Labor and delivery costs

When you find out you're pregnant, you can't help yourself—you start to worry about lots of things...morning sickness, how to tell your boss you'll need maternity leave, whether your ass will triple in size! Then the big question dons on you (or in my case, my husband, the family numbers' cruncher): "How much is being pregnant going to cost?!"

There are check-ups, ultrasounds (that lead to weekly visits in the final month before delivery), tests for things like gestational diabetes and genetic disorders (especially important if you're over 35). All of these things add up, and you haven't even gotten to the actual delivery yet, where every little thing given to you at the hospital is an additional charge. Epidurals aren't included. Need to be induced? That's extra. Emergency Cesarean? Wow, that's really going to cost you!

In the United States the price of delivery has almost tripled since 1996, according to an analysis done for The New York Times by Truven Health Analytics. From 2004 to 2010, the prices that insurers paid for childbirth rose 49 percent for vaginal births and 41 percent for Caesarean sections in the United States, while average out-of-pocket costs rose a whopping four times the previous price. (Meanwhile, in many other countries maternity care is completely free.)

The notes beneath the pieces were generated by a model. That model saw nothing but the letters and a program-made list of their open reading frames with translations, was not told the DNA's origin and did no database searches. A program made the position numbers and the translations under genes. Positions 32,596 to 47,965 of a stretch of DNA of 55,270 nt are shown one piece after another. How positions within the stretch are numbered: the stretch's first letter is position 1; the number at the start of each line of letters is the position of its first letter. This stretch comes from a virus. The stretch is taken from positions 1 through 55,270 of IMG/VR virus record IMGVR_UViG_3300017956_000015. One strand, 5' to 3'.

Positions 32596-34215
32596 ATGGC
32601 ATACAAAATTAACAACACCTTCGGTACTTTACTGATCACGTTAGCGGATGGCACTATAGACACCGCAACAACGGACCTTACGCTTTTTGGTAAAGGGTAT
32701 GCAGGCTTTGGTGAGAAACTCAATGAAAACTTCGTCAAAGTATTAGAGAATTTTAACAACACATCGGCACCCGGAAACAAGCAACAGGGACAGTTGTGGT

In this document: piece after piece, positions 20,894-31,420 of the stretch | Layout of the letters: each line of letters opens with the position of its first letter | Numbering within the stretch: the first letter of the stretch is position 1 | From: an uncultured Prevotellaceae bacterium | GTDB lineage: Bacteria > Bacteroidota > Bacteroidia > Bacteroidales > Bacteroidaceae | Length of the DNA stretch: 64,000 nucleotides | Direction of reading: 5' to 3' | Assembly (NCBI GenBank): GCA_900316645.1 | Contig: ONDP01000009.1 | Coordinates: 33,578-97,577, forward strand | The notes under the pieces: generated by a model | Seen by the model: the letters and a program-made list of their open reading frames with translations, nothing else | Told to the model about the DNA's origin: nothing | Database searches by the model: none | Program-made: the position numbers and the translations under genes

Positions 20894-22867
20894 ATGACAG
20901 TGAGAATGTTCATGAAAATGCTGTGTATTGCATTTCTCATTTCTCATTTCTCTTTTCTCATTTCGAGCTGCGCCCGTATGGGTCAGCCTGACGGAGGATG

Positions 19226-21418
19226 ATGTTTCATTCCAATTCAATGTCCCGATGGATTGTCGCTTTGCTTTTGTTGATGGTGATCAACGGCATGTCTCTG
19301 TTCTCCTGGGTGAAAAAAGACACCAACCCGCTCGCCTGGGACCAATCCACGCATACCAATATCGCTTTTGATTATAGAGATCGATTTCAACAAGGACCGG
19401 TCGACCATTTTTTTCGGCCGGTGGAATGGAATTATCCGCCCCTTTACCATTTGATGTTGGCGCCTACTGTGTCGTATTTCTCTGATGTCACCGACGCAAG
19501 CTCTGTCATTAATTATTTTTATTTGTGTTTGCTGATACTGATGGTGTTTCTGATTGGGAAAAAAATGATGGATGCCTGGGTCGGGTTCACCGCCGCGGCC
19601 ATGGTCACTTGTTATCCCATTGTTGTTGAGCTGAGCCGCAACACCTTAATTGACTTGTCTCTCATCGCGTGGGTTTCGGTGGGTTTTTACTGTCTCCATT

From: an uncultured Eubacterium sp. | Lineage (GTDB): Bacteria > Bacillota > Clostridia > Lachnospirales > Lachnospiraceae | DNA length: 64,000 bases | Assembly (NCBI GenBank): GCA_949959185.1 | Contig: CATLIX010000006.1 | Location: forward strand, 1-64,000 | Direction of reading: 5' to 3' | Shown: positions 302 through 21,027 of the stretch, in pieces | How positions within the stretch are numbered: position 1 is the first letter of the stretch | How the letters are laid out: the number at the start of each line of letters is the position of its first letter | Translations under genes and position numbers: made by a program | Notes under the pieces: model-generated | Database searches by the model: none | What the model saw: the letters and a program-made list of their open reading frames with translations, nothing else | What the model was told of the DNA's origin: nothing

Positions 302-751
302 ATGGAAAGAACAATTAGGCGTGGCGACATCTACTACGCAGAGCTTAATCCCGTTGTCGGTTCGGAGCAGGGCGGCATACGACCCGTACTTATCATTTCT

So how much will you be forking over? The average total price charged for pregnancy and newborn care is about $30,000 for a vaginal delivery and $50,000 for a C-section, with insurers paying out an average of $18,329 and $27,866, according to a recent report by Truven Health Analytics. That's a range of anywhere from a little over $2,000 out of pocket to more than $31,000! In 2012, the average cost in the US was $9,775 for a delivery, with the average Cesarean costing $15, 041.

The really scary part is that not all insurance plans even cover prenatal care. So stop whatever you're doing right now and call your insurance company to see if you're covered. In 2011, 62 percent of women in the US covered by private plans that were not obtained through an employer did not have coverage for prenatal costs. And those whose insurance companies do offer coverage, still have to deal with higher co-payments and deductibles—and not all baby-related medical expenses are covered.

There is a silver lining to all of this—sort of. Starting next year insurance policies will be required under the Affordable Care Act to include maternity coverage. The bad news is the law is not specific about what services must be included, so there will likely be loopholes for hospitals and insurance companies to still gouge prices.

Don't freak out, but the take-home here is clear: having a baby is not cheap, the system is pretty messed up, and you need to start saving now!

TELL US: Have you been saving for prenatal visits and delivery costs? Are you shocked at how much having a baby costs?

Image of hospital bed courtesy of Shutterstock.